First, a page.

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Bill Would Shield Groups from Failed State Lawsuit Costs

By Mallory Peebles, Crime and Law Enforcement, Natural Resources and Parks Reporter, Fill-in Anchor, mpeebles@ktuu.com
Published On: Feb 26 2014 05:15:00 PM AKST

State Sen. Bill Wielechowski (D-Anchorage) has a bill pending that would protect public interest groups that sue the State of Alaska and lose from being liable for the state's attorney's fees.

ANCHORAGE -

State Sen. Bill Wielechowski (D-Anchorage) has a bill pending that would protect public interest groups that sue the State of Alaska and lose from being liable for the state's attorney's fees.

Wielechowski says Senate Bill 181 was drafted after a number of plaintiffs, including elder Alaska statesman Vic Fischer and former first lady Bella Hammond, lost their case against the state and the Pebble Partnership.

"Alaska is the only state in the nation like that," Wielechowski said. "If you are challenging the state government, you shouldn't worry that you're going to potentially lose your home or lose your life savings."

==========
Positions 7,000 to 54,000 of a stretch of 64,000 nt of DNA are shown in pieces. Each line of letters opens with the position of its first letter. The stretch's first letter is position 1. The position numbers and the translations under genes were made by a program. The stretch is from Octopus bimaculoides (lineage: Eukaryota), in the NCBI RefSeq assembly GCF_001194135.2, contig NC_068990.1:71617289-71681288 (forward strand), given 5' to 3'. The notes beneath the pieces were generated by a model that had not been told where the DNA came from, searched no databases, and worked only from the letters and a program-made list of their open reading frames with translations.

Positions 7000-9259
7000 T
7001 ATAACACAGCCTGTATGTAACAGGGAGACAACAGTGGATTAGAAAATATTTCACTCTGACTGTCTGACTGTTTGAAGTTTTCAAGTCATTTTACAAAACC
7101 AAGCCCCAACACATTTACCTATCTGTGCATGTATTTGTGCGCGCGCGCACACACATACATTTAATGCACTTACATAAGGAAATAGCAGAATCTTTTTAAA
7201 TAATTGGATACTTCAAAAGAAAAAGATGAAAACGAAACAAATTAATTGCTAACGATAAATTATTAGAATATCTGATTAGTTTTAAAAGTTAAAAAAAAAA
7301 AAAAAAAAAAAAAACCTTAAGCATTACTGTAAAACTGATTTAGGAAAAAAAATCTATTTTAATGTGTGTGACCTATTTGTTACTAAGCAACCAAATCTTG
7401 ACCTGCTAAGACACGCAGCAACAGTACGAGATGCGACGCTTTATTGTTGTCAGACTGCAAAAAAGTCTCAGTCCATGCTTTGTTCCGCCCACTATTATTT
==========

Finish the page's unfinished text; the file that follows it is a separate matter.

Currently in Alaska, if a plaintiff loses a civil case the defendant can hold them accountable for up to 30 percent of the costs incurred to fight the case, such as attorney fees and clerical work.

There are exceptions for cases that contain a public interest, but that definition was tightened in 2003. 

The lawsuit by Fischer, Hammond, two other individuals and a collection of tribal groups, challenged the state Department of Natural Resources' decision to let Pebble have permits for its exploratory work in the Bristol Bay region without giving public notice.

After losing their case, the plaintiffs now facing a bill of about $1 million from both the state and Pebble Partnership. Pebble was not an originally a defendant, but joined the case later.

Fischer says the plaintiffs brought the case forward because they felt the state's actions were in violation of the Alaska constitution. 

"If I had to pay all of the cost of the million dollars, I could write them a check -- but no bank would honor that because I don't have that kind of resources," Fischer said. 

Fischer, Hammond and the rest of the plaintiffs involved have appealed to the Alaska Supreme Court.

Wielechowski says Senate Bill 181 must be reviewed by the Finance Committee and the Judiciary Committee before a floor vote.